Character Traits of Winston Churchill

The first weeks of May, 1945, saw the end in Europe of the most brutal and deadly war ever fought. Nazi Germany's unconditional surrender had given the free world, in Winston Churchill's words, "the signal for the greatest outburst of joy in the history of mankind . . . [w]eary and worn, impoverished but undaunted and now triumphant, we had a moment that was sublime."

From the beginning Britain had staked its existence on the outcome of the war, and thus more than any other country had cause to feel "inexpressible relief" at its successful conclusion. Churchill, more than any other man, had led the Allied powers in their mortal fight against Nazism, and thus, more than any other man, deserves credit for the victory.

To the mammoth task of defeating Nazi Germany, Churchill brought to bear many of his special qualities: courage, perseverance, independence, physical and emotional resilience, superb writing and speaking skills, and a keen sense of history. Below we examine each and speculate on their origins and, where possible, on their impact on Churchill's thinking and actions before, during and after the Second World War.


Churchill's life from age 22 to 26 was spent first as a member of the Cavalry and later as an officer in the Infantry. He fought in several wars throughout the period, most notably in India, the Sudan and South Africa, emerging unscathed despite his constant participation in heavy fighting on the front line. After the battle of Omdurman in the Sudan in 1898, he wrote this account to his mother:

I was under fire all day and rode through the charge. You know my luck in these things. I was about the only officer whose clothes, saddlery or horse were uninjured. I fired 10 shots with my pistol -- all necessary -- and just got to the end of it as we cleared the crush. I never felt the slightest nervousness and felt as cool as I do now. . . I am sorry to say I shot five men for certain and two doubtful. . . I destroyed those who molested me and so [meted] out without any disturbance of body or mind.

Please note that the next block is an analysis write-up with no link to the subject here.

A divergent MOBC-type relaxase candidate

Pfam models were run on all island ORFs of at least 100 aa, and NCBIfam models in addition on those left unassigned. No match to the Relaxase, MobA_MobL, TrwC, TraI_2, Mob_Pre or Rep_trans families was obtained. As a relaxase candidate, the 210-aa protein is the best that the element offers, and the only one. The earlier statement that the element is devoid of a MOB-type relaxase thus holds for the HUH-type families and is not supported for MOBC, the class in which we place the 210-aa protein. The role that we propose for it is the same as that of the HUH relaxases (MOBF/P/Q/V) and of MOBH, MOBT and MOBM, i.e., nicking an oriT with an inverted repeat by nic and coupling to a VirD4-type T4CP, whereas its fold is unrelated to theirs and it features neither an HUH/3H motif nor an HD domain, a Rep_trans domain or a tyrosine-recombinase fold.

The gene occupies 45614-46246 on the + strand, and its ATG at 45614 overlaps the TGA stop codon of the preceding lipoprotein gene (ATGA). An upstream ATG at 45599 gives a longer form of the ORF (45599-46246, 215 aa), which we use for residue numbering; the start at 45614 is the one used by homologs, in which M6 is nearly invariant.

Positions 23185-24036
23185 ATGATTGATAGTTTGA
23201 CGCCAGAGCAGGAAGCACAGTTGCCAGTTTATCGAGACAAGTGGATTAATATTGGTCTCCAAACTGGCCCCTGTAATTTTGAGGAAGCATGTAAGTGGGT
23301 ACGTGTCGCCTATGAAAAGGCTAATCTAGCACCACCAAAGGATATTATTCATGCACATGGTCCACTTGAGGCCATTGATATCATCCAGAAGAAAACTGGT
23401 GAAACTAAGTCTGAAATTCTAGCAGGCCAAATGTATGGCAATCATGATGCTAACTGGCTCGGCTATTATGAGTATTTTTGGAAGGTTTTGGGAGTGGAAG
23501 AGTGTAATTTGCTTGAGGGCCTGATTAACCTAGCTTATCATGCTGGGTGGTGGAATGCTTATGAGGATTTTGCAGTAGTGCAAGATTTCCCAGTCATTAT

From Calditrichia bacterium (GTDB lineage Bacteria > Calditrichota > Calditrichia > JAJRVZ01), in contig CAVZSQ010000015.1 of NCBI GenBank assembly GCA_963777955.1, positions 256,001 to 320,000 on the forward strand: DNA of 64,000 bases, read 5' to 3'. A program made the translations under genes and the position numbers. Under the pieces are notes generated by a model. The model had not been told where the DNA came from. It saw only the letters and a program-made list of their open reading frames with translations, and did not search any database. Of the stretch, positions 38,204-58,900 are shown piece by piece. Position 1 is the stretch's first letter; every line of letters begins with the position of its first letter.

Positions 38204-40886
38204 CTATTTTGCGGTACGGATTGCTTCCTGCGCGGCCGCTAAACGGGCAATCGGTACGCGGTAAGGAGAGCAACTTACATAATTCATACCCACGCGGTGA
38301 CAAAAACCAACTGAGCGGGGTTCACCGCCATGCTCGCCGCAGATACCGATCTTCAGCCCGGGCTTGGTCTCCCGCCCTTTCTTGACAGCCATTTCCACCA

Here Churchill referred to his "luck in these things" to explain his continued survival, but later he came to believe that it was more than just good luck. As a correspondent for the Morning Post, Churchill covered the Boer War in South Africa. In 1899, on his way to the front line in Cape Town, he wrote to his mother: "I shall believe I am to be preserved for future things."

After his capture by and subsequent escape from the Boers, Churchill wrote to his mother and again alluded to a grand plan for himself in the world: "These are anxious days, but when one is quite sure that one is fulfilling one's proper place in the scheme of world affairs, one may await events with entire composure."

On 25 February 1899, Churchill again survived heavy fighting and set forth his thoughts in a letter to his friend Pamela Plowden:

I was very nearly killed two hours ago by a shrapnel. But though I was in the full burst of it God preserved me. . . My nerves were never better and I think I care less for bullets every day.

Whether by sheer luck or divine providence, Churchill emerged from many battles unharmed. These experiences gave Churchill a sense of invincibility that emboldened him and gave him great courage in his later years.


The origins of Churchill's characteristic perseverance are difficult to trace. While growing up, Churchill had been admonished almost continually by his parents and teachers for his lack of effort. Throughout his youth, letters from his teachers to his parents reporting on his progress in school were uniform in their condemnation of his "slothfulness."

His father was particularly harsh on him for his "slovenly happy-go-lucky harum scarum [sic] style of work," as this excerpt from an 1893 letter to Winston illustrates:

I am certain that if you cannot prevent yourself from leading the idle useless unprofitable life you have had during your schooldays & later months, you will become a mere social wastrel, one of the hundreds of public school failures, and you will degenerate into a shabby unhappy & futile existence.

Scarcely one year later, Churchill's father died. This event was a watershed in Churchill's life and marked the beginning of his Herculean efforts in politics, war, oratory and writing. From this sequence of events it can be inferred that his father's death may have spurred Churchill to persevere greatly in all his efforts in order to vindicate himself in this father's eyes. The echo of his dead father's exhortations prodded Churchill throughout his life to prove himself a worthy and deserving son.